Minding our businessDec 20, 2013 By Steven R. Peck
Amid technical advances and emerging security concerns, privacy takes a beating
Once upon a time, privacy was a major issue in the public mind. That's not nearly so true anymore.
But privacy ought to maintain a prominent place in public consciousness, if for no other reason than it is disappearing at a breakneck speed, cloaked by masks of "convenience," "communication" and "security."
Rights to privacy are built into the U.S. Constitution. Many people don't realize it, but the landmark Roe vs. Wade case regarding abortion in the United States was argued largely on privacy grounds. Laws against unreasonable search and seizure are grounded in the privacy concerns.
As with many things originating in the 18th century, times have changed. Jefferson and Adams never considered credit cards, security cameras, smartphones, and the Internet. But advances in technology --beginning at least as long ago as the telegraph --have put pressure on how our conceptions and protections of privacy are practiced and interpreted.
From Facebook and Twitter, to Snowden and Manning, to WikiLeaks and Internet bullying, to compromised credit cards at Target stores, to drone surveillance and the new video camera at Riverton City Park, this is a complicated coin with many sides.
A modern-day parable says that toothpaste can't be put back into the tube. Actually, it can, but only with great effort. Most people wouldn't want to bother. For the average citizen, the remarkable swiftness and convenience of instant communications and social networking offer sparkly, unendingly enticing avenues from which to travel away from personal privacy.
For local governments, the undeniable need to make our public spaces safer requires a willingness among private citizens to be watched in more situations then ever before.
For national governments, changes in modern warfare and the atrocities of modern terrorism necessitate an unprecedented reliance on electronic surveillance on telephone calls, e-mails, Internet browsing and text-style communication.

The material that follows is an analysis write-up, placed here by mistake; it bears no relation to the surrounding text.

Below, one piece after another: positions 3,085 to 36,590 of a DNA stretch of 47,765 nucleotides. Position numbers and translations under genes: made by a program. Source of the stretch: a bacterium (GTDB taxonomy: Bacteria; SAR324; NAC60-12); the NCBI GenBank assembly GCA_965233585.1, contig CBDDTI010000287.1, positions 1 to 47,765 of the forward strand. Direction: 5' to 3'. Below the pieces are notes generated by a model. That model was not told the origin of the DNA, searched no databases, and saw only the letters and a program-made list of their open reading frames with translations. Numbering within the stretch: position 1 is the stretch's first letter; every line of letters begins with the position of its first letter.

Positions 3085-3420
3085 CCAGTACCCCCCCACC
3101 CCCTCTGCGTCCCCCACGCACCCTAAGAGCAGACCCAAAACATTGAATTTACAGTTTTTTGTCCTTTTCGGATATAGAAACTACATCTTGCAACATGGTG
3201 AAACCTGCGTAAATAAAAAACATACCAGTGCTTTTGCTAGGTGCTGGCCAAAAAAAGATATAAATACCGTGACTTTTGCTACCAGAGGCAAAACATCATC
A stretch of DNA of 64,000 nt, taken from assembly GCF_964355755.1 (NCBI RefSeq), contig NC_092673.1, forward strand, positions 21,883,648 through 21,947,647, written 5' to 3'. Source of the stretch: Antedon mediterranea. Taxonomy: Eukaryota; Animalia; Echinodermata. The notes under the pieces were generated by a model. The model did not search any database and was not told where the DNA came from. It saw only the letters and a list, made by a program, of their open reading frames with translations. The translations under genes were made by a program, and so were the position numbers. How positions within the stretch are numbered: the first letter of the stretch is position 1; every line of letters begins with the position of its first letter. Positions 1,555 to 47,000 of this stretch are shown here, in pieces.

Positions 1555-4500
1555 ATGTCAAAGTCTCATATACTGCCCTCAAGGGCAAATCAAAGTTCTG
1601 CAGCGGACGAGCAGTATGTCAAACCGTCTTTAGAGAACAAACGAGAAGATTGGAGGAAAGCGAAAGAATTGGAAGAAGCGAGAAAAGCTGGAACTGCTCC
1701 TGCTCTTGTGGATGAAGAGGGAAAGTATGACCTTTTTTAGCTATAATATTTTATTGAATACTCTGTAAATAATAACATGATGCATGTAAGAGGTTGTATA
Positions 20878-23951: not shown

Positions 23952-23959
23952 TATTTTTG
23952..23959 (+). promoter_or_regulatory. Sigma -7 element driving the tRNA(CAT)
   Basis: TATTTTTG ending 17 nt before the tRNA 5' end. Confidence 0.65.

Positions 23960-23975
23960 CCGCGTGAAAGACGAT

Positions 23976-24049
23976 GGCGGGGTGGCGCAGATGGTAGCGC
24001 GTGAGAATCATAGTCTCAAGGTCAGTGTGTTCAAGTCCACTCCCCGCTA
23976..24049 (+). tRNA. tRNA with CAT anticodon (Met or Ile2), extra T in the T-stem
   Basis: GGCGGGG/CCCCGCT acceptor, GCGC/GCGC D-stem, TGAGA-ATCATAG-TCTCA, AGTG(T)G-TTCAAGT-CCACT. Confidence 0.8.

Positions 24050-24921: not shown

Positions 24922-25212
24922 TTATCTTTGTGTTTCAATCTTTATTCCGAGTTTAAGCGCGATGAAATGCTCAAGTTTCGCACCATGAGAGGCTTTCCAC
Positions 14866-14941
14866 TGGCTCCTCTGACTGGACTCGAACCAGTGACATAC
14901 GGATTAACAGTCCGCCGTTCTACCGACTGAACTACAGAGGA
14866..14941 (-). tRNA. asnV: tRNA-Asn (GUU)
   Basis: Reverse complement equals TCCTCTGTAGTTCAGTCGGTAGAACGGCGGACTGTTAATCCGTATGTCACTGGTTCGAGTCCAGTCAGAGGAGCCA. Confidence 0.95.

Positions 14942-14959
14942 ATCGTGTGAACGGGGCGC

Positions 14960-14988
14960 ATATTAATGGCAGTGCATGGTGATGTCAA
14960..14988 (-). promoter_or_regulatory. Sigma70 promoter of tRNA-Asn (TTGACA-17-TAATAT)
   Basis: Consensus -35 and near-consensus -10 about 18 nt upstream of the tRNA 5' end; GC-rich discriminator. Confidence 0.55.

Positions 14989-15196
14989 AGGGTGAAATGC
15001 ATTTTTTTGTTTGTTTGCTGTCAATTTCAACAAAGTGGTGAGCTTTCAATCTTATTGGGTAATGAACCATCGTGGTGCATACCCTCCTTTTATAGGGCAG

Generational changes already have eroded many traditional notions of personal privacy. People younger than a certain age today simply don't care very much about it when privacy is balanced against the marvels of Gchat and the iPhone.
A generation from now, assuming that "advances" in communication and surveillance technology continue apace, rights of privacy in the constitutional sense may have evaporated to the point that the founding fathers, transported forward to the mid 21st-century, couldn't find them under a microscope.
Privacy was an important enough issue at the dawn of our nation that it was written into our founding documents. Those concerns of "privacy" aren't based on the notion of doing something naughty with the door closed --although such considerations are part of the dense soup of personal privacy. In a larger sense, matters of religion, affiliation, speech, health care, finance and freedom of thought all are tied closely to rights of privacy. Each time we impose another obstacle to privacy, and each time we agree to that imposition, a little more paste comes out of the tube.
Certain facts must be faced. Anyone who insists on total privacy these days had better move to a mountaintop (although even there a satellite or a drone could spot you and take note of the magazine you are reading).
Short of that, our basic protections or privacy come down mostly to the place they always have -- free citizens in an ongoing discussion. Is this how we want to live? Is there a point at which enough is enough? Could past atrocities have been prevented if only we had kept a better eye on each other? To what extent will we trade privacy for security, privacy for entertainment, privacy for easier socializing?
That discussion has never been more important. Amid all of our new worries, our new opportunities and our new technical abilities, it must continue vigorously.